Reviews for Mortality

Booklist Reviews 2012 August #1
*Starred Review* For his millions of fans, Hitchens was like a valued dinner guest who never outstayed his welcome. His books, magazine columns, and verbal sparring rounds with the God-fearing best and brightest will stand as hymns to reason, and their smartly barbed rationality will never become tired or trite. Unfortunately, Hitchens has prematurely vacated his place at the table, leaving us wanting more. And here is more. Spare as it is and culled from several of his final Vanity Fair columns, this pamphlet-like tome resurrects great wit and insight from his final year of "living dyingly." It would not be classic Hitchens unless he tackled prayer head-on. He does so brilliantly, quoting Ambrose Bierce and following prayer's logic to its circular conclusion. He addresses proper cancer etiquette and the best way to offer advice (don't). With a foreword by Vanity Fair editor Graydon Carter and an afterword by Hitchens' widow, Carol Blue, this offers a final course, a dessert, if you will, from the crusty yet tenderhearted atheist to be read and relished. Copyright 2012 Booklist Reviews.

BookPage Reviews 2012 September
A superior writer's final words

In his 2010 memoir, Hitch-22, Christopher Hitchens wrote of wanting “to ‘do’ death in the active and not the passive”: to confront mortality with the same gimlet-eyed vision he’d brought to his musings on culture, politics and religion. A diagnosis of esophageal cancer while on a book tour for the memoir forced his hand, and in a series of essays for his longtime journalistic home at Vanity Fair, he documented his crossing into the “new land” of the unwell, now assembled into his final essay collection Mortality.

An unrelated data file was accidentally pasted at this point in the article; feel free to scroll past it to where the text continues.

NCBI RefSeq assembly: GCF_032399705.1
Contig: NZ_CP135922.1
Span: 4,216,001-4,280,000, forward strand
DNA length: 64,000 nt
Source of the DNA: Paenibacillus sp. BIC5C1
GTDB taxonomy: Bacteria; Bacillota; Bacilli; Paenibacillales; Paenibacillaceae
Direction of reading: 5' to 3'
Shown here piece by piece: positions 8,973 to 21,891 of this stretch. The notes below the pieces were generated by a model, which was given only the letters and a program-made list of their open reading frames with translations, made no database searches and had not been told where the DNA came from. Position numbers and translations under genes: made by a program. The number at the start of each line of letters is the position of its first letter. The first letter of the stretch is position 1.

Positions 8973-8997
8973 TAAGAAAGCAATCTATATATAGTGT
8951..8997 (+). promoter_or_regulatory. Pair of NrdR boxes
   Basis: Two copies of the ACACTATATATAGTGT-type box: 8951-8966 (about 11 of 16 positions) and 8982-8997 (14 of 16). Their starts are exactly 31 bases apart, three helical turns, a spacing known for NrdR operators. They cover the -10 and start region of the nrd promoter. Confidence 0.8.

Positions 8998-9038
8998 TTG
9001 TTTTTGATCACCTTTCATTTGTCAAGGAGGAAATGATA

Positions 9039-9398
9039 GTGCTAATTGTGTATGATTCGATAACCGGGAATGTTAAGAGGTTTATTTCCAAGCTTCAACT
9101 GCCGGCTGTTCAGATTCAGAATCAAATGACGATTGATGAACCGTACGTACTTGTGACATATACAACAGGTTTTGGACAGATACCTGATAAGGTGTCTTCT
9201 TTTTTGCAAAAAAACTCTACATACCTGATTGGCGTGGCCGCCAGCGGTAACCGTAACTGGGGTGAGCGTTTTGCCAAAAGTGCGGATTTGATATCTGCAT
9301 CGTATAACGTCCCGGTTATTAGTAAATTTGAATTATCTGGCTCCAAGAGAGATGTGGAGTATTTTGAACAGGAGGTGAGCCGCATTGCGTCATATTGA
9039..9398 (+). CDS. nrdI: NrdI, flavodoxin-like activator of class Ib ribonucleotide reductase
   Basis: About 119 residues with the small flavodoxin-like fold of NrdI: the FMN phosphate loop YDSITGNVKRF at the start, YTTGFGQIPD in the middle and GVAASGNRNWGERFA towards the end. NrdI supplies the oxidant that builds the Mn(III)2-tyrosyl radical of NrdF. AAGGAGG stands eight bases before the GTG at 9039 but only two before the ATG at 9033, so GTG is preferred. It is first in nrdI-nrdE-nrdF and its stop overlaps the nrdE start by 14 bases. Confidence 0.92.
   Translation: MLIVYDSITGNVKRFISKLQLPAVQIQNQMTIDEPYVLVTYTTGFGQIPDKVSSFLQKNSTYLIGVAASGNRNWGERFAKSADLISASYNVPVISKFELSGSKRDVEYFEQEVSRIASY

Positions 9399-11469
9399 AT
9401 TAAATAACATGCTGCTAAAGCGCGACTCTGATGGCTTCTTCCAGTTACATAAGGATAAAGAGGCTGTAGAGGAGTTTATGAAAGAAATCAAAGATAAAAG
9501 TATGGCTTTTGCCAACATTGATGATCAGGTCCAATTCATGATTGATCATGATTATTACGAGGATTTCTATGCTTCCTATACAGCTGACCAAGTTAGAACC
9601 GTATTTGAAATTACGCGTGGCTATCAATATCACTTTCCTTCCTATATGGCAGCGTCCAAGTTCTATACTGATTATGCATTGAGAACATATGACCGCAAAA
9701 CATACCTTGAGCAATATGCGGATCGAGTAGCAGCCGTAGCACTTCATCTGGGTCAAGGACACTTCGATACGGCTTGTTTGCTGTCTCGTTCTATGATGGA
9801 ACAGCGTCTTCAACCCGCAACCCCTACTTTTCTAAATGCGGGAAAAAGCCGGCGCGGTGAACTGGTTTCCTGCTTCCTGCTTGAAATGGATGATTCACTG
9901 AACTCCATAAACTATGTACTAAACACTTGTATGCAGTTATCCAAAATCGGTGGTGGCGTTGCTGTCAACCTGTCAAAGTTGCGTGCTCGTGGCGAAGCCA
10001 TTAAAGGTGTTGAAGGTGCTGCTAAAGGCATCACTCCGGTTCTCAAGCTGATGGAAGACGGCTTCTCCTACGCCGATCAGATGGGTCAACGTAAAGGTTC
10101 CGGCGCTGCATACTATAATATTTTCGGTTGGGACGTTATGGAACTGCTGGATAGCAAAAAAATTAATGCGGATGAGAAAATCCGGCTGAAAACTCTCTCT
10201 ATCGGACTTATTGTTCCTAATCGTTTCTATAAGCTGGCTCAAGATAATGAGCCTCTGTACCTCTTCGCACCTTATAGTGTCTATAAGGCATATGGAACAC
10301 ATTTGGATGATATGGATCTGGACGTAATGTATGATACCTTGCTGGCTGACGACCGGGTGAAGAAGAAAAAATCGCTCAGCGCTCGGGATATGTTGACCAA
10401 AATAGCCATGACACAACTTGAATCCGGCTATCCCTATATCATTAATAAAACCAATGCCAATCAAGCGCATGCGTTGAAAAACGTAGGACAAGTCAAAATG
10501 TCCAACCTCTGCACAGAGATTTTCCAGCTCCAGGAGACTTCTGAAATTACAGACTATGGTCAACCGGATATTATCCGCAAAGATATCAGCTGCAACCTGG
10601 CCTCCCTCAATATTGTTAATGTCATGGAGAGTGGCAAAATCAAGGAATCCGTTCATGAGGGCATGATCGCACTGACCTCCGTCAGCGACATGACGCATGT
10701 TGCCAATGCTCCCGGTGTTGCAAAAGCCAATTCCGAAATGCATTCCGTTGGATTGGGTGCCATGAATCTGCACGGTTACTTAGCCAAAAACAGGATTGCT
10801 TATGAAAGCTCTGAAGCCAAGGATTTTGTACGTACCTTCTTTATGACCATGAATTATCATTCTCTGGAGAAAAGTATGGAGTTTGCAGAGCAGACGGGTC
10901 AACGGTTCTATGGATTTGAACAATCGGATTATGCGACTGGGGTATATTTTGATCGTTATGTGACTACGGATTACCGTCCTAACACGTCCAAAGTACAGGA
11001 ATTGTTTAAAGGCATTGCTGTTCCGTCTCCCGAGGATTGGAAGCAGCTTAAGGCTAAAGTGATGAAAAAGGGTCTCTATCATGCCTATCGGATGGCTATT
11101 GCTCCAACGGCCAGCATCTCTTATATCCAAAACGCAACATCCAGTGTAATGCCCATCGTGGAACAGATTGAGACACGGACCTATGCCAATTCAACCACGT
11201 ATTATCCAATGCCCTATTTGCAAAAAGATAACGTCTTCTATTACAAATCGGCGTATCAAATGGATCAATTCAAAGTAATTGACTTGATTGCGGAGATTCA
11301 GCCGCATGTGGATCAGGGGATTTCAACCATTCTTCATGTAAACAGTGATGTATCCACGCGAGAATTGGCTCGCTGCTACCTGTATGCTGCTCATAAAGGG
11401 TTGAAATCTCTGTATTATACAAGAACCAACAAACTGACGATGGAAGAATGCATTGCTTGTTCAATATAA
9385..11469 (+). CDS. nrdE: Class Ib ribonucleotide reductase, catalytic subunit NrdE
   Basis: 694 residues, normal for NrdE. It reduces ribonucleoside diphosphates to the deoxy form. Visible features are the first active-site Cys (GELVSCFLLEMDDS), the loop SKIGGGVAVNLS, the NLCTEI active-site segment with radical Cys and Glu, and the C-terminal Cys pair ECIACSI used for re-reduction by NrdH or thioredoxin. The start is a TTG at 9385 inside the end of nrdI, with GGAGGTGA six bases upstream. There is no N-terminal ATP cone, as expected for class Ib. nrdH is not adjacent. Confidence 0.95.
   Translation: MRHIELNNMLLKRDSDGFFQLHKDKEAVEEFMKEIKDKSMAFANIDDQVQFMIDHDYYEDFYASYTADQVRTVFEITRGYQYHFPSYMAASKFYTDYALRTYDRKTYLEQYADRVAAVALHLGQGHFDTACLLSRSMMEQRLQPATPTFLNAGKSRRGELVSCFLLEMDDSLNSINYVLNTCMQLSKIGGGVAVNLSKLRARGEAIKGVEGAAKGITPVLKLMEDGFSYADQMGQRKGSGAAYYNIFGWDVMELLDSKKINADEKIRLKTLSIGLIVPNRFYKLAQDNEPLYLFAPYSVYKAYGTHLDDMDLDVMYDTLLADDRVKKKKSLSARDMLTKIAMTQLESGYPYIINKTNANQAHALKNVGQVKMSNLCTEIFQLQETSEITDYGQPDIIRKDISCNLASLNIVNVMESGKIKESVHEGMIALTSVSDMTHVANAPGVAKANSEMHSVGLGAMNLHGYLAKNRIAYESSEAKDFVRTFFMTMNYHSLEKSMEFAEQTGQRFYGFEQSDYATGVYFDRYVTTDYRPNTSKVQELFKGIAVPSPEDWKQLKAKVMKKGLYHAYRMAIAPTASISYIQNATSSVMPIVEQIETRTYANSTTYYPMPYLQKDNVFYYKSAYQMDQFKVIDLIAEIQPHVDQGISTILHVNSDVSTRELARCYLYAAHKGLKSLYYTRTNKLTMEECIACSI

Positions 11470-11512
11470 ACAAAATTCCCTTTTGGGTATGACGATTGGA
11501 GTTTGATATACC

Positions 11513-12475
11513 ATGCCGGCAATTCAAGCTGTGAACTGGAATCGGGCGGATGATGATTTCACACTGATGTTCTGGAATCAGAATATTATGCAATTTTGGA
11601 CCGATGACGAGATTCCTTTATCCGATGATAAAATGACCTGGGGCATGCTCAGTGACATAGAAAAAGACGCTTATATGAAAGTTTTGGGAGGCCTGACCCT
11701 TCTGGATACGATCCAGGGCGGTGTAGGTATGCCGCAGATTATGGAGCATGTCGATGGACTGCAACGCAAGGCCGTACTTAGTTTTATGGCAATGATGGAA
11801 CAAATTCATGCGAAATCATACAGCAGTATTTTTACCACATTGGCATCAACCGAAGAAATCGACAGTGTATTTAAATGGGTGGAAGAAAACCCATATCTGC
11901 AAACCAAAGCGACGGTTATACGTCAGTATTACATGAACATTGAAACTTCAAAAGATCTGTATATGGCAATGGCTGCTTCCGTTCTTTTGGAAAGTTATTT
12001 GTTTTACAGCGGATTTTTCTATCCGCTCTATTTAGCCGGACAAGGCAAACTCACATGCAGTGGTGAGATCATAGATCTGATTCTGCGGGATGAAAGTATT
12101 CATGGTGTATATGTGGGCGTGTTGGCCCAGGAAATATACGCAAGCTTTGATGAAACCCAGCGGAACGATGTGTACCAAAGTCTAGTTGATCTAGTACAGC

With characteristic brio, intelligence and dry wit, Hitchens engages with his illness and its inevitable outcome head-on, without the consolations of religion or a belief in an afterlife. Given his reputation as an outspoken atheist, Hitchens finds himself the focus of a national prayer campaign: “what if I pulled through, and the pious faction contentedly claimed that their prayers had been answered? That would somehow be irritating.” This tone of comic paradox, quintessentially Hitchens, becomes starkly brave in this context.

These essays explore the lessons and fears of mortal illness, and how this experience radically shifts a person’s identity: “I don’t have a body, I am a body.” Ultimately, the cancer begins to deprive Hitchens of his ability to speak, prompting some of the book’s most moving passages. “To a great degree, in public and private, I ‘was’ my voice,” he acknowledges, and when he thinks of what he wants most to wrest from the hands of death, it is his voice—“the freedom of speech”—that he longs to hold on to.

The literature of illness is marked by the struggle to translate pain into language; in Virginia Woolf’s words, the ill writer must take “his pain in one hand” and a “lump of pure sound in the other” and “crush” them together to create the new idiom of his or her experience. In Mortality, Hitchens has achieved just that, applying all his life’s talents to the challenge of giving voice to the approach of death. These essays are brave and fitting final words from a writer at the end of his journey.

Copyright 2012 BookPage Reviews.